Since a granddaughter wanted a makeup vanity, it needed a bench. I made a reduced ton of the table sans drawer. Surprisingly, it turned out quite nice. I will deliver it Christmas day.
I am well satisfied with the results, even with a couple of plane tracks in the red oak top. I have a deal with my grandchildren: take the first one or take the chance I'll live to make a second...I am 72 years old. The base is poplar and painted with Dixie Belle Bunker Hill Blue Chalk Mineral Paint.
Really enjoyed watching the retro sideboard series and it gave me the inspiration and techniques to adapt it into a retro meets craftsman style TV stand and display case. Thanks Richard and Helen for that.
This is my first bit of 'grown-up' furniture. It is made of European oak and it has a book-matched top, through wedged tenons (wedged with ebony), some ebony drawer pulls and a carved detail on the stretcher. I have incorporated curved tapered legs to lighten the stance of the table and chamfered the top for the same reason. The legs are draw-bored using ebony dowels, but these have been stopped rather than running through the legs. It seems to me that once the dowels have passed through the tenon there is no added strength to the joint (as the dowel is tapered) and it looks messy on the rear of the legs. I more or less followed Richard's processes, but I have to say that the method of cutting the dovetails in the back of the drawer front is definitely one I will never ever follow. This may be 'old school', but is wood butchery as far as I'm concerned and it looks rough.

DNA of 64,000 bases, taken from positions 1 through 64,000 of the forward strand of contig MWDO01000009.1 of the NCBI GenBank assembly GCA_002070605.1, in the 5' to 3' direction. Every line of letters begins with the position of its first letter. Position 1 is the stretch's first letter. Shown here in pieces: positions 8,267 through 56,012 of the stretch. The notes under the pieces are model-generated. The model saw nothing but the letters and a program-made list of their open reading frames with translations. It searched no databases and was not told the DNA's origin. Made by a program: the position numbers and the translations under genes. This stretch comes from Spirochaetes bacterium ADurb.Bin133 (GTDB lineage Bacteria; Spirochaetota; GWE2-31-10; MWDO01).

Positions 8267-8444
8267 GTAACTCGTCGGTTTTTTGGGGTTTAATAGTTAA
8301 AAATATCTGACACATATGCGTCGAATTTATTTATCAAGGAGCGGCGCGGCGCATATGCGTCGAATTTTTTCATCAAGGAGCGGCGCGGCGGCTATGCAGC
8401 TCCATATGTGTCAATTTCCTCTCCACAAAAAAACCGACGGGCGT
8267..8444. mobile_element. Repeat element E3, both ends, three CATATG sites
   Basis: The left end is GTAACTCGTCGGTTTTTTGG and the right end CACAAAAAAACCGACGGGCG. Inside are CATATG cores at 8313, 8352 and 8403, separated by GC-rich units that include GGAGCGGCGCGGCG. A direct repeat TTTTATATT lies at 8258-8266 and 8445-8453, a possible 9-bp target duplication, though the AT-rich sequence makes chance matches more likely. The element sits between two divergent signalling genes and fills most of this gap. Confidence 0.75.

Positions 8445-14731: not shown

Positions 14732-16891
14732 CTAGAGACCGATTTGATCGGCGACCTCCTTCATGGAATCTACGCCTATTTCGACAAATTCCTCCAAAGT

Thanks you for the Hall Table inspiration. The dimensions changed to fit the use. A friend's hand cranked organ. Spalted maple base with Hard maple top. I have enjoyed each of your videos.